Gorka: Digital tools can contribute enormously to movement building interventions in conflict or post-conflict societies. They allow new connections and ideas to flow, and they amplify existing and new innovations. The challenge is how to combine off and on line tools. There is vast evidence now that digital tools that are not properly rooted in local off line intervention will not generate a lasting impact and that they can easily be manipulated by the big players (governments, big corporations and political parties). In my opinion the most interesting and not properly developed field of opportunities for digital tools is how to multiply ethnographic and participatory research tools. Today, we can have thousands of people providing real time insights about what and how to do things differently but it is not properly integrated yet under a social innovation platform.
Ed: That’s food for thought, looking at future possibilities. Another shared space that is of interest to both of us relates to food itself. We both had the chance to see how in Seoul the Zipbob project is working to recreate community cohesion in a rapidly urbanised situation. We’ve also designed and run an Unusual Suspects session looking at the role of food as a social innovation catalyst. And of course, food is at the heart of Basque culture! Is it just a coincidence that we have this great surge in Basque culinary innovation – which links high-end cuisine and popular cooking – in this period following the end of the troubles?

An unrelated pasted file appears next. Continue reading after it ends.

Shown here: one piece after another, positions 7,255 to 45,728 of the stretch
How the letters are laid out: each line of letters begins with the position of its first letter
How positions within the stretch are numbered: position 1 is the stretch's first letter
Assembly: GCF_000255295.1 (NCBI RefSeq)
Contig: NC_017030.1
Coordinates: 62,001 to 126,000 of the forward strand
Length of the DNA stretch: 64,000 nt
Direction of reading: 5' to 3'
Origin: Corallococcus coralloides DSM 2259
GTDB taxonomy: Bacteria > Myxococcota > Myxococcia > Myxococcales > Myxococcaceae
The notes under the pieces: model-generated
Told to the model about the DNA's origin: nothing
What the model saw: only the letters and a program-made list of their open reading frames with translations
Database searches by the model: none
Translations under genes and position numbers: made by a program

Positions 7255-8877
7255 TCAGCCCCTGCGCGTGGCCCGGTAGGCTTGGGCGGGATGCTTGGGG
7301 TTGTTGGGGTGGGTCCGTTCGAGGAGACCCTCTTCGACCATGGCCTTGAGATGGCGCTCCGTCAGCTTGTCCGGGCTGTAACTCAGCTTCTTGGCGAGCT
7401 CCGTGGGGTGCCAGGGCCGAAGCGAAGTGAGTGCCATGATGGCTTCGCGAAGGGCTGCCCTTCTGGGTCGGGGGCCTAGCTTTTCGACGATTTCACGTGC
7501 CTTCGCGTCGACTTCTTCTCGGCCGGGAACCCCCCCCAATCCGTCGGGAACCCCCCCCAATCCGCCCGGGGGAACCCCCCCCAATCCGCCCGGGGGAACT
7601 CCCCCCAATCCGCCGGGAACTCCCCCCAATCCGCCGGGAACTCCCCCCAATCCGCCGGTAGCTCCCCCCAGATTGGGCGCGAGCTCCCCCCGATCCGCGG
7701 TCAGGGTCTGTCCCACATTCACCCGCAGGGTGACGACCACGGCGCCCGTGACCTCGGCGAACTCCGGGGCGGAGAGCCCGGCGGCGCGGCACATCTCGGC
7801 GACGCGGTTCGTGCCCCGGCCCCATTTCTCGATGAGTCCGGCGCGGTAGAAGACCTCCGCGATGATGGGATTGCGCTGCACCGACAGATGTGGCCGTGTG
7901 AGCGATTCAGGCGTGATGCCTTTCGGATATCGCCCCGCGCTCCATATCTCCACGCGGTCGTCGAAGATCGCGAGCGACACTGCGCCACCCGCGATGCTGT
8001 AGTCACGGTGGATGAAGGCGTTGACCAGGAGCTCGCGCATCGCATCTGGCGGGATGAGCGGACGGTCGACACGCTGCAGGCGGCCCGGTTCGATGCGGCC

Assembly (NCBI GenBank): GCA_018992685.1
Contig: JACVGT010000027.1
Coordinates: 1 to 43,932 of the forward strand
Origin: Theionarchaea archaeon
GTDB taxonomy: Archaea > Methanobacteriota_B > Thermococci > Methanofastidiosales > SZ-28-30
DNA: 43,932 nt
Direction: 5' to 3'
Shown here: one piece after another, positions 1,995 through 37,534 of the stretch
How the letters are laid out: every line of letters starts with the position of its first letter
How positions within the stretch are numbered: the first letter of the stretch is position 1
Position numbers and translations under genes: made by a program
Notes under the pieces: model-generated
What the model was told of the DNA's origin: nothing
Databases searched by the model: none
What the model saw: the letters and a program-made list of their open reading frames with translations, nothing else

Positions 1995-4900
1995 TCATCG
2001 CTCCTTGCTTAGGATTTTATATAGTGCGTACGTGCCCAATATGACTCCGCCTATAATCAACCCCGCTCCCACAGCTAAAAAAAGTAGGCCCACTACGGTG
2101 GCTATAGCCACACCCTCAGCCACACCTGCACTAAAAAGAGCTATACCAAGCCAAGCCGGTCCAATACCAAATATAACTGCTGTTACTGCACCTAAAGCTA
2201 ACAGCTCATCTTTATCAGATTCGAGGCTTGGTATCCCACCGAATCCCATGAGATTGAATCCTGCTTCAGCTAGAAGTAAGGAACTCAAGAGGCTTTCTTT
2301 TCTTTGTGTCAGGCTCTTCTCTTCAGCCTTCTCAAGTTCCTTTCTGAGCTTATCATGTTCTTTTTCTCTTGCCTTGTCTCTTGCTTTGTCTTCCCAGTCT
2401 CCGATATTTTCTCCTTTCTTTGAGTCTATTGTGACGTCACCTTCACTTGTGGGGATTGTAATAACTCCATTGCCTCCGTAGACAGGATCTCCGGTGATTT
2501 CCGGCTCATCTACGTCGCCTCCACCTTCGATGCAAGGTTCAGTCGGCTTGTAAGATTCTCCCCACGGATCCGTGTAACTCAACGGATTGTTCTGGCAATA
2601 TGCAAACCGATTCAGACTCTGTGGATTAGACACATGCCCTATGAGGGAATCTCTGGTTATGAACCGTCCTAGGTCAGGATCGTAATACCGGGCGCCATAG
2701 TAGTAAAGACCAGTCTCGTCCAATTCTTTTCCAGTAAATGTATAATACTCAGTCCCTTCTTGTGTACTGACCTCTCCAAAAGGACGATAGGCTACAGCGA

Gorka: It is almost impossible to demonstrate causality between the success of the Basque culinary movement and the end of violence but the truth is that food gave the Basque people the possibility to project themselves internationally as an innovation society, instead of a “violent” country during an extremely difficult time. And this is huge for any place that is being stigmatized by violence.